May 17, 2019

I was completely engrossed by this book. Cline did a masterful job of capturing the desperate, frantic experience of girlhood. It is incredible the way she was able to humanize the mythic "Manson Girls" without forgiving them.

Dec 02, 2017

Some parts of the story shocked me. Of course, I didn't grow up during this time, so I could just be a bit ignorant, seeing as this era was considered "the Sexual Revolution."

I get that Cline was intending for this to be more of a character study, having done research on other cults, and letting the readers get an understanding as to why Evie joined the group; and I think that's exactly why this book has been so popular. The Manson Family has been such an intriguing subject over the years, and this novel provides a new, albiet fictitious, take on it.

But what about the other girls? Do we get a good understanding as to why Suzanne, Donna, Helen and Roo are there...? Not really, no. I wonder how this would have turned out if it was from the perspective of Suzanne instead? Evie can come and go to the ranch whenever she pleases, while everyone else practically lives there. Evie isn't enamored with the leader, Russell, but with Suzanne (an interesting twist, might I add). There's also the fact that Evie isn't present when the murders eventually happen, which is also a tad disappointing, since I was expecting her to be the one who simply stood outside the house and listened to the horrifying screams from within, like what happened with Linda Kasabian in real-life. But, again, I knew that that aspect was meant to be kept more in the background.

Overall, I liked it, but wouldn't consider it as amazing as it's been made out to be. I would also warn that it's definitely not an all-round pleasant read.

stewaroby Jun 02, 2017

This had good reviews but I so would not have finished it if I hadn't been trapped on a long-haul flight with a terrible selection of movies. Really two stars is praising it.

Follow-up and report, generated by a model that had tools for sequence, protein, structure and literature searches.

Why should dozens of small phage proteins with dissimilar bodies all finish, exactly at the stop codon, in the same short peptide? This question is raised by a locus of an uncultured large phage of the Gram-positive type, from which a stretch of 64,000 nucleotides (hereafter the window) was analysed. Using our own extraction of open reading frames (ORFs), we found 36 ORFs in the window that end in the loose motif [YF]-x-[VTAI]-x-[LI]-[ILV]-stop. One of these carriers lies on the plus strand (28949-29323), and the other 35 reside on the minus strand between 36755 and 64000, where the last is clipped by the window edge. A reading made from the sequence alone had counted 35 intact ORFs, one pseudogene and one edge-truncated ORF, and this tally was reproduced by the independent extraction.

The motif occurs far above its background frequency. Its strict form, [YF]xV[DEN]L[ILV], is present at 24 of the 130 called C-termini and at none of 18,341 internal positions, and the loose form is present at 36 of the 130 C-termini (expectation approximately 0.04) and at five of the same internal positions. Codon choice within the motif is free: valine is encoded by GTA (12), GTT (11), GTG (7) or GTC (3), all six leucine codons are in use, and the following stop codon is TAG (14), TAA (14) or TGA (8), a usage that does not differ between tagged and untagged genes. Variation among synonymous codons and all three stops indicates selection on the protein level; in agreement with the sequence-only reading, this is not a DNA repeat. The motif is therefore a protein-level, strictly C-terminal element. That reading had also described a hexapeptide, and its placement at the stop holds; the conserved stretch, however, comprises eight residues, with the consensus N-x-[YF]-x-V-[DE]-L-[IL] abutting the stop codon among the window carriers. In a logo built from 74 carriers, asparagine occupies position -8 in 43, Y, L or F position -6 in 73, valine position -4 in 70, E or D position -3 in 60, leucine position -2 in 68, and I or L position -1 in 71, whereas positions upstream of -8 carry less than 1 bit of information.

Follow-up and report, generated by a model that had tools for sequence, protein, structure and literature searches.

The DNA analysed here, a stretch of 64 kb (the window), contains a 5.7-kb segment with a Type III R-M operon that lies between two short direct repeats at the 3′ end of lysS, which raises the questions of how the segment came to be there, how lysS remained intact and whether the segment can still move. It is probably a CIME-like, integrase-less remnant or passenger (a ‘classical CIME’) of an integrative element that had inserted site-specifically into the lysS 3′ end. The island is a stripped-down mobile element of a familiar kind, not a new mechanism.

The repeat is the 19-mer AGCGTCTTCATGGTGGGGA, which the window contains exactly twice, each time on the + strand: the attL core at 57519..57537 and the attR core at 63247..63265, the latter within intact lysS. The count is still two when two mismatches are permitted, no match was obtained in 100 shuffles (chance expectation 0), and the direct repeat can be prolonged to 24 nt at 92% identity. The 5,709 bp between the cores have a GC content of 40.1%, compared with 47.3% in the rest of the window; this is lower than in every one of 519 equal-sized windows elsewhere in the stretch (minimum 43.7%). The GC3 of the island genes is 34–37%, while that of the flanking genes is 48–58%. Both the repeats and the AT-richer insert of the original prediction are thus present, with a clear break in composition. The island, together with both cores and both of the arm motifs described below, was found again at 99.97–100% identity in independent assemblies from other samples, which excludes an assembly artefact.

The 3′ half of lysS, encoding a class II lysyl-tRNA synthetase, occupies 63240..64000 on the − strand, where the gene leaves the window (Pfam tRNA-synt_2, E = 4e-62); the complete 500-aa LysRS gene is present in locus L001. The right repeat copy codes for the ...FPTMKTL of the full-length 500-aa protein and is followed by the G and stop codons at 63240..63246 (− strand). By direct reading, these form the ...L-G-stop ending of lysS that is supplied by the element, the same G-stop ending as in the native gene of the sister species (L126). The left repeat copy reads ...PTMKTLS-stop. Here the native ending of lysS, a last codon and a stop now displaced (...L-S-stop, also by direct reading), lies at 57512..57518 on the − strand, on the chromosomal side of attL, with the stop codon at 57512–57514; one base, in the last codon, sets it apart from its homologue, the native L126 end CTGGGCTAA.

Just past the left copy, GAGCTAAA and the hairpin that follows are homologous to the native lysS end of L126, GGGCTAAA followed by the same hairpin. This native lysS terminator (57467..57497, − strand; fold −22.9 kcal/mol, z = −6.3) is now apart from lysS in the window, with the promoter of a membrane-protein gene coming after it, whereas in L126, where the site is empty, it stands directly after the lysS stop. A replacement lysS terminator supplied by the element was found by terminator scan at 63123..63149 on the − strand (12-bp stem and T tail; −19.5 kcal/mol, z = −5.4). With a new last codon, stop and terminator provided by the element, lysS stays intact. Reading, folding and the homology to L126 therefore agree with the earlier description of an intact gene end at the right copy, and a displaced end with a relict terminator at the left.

RPinnix May 22, 2017

y e sbook

May 15, 2017

I'd heard good things regarding this book, but honestly, I couldn't really find anything that interesting or unique about it. A girl who is feeling ugly and confused, spends a lot of time and thought trying to figure out how to not feel ugly or confused. Meh. Anyways, she ends up hanging with 'the girls' of some sort of Manson clan group, and I just didn't care enough about her or her insights or her lack of insights to finish the thing.

May 13, 2017

Evie Boyd was a young teenager, feeling uncool and unpopular. She happened to see a group of desperately cool girls in the park one day and sort of fell in love with the ringleader. They were unkempt but confident and free, everything she wasn't and wanted to be. She began violating her sense of right and wrong -- by stealing money from her mother and giving it to them -- in an attempt to belong with them. They were fine with that, and even honored her by making a gift of her to the man who headed their little traveling commune. She eventually moved in with them and adopted their lifestyle.

The story is ripped from the headlines of the Manson murder story. When the group killed a family Evie didn't happen to be there; her absence during the murders wasn't planned, it was mere chance. Now, as a middle aged woman, she wonders what she would have done if the circumstances had been different. In a chance encounter with an equally uncool teenage girl, she sees in her the desperate drive to belong; the willingness of the girl to violate her sense of right and wrong -- in this case to offer herself sexually to her boyfriend's friend -- in order to be accepted.

May 02, 2017

Cline may have talent, but I do not understand the point of this lightly fictionalized account of the Manson family, taken from second and third hand sources. There is no insight into why these girls, especially at this point in time, became enthralled by the cult leader. For a much more interesting and authentic account, read Claire Vaye Watkins' "Battleborn".

ArapahoeKati May 01, 2017

I'm a little late to the bandwagon on this book but I'm so glad I picked it up. I was sucked in pretty much right away (especially because ABC had just aired a new special about the Mansons). Some people have griped about her writing style, like she was trying too hard, but I thought it was pretty much spot on. I wish I had picked this up sooner.

CarleeMcDot Mar 29, 2017

It started off slow (when I was 75 pages in I actually thought I might give up on it because I was a bit bored), but it definitely draws you in. The story features a Manson-ish cult and is told from the perspective of a somewhat outsider. It actually had me thinking about how 'easy' it could be to fall into the "wrong" crowd and end up so far down a road you weren't expecting, while never really knowing how you got there in the first place.

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ArapahoeSusanW Oct 10, 2016

Fictional Manson family styled cult in the late 60's. Enthralling and fast paced, I read it in under a week. Once you pick this one up, it's difficult to tear yourself away!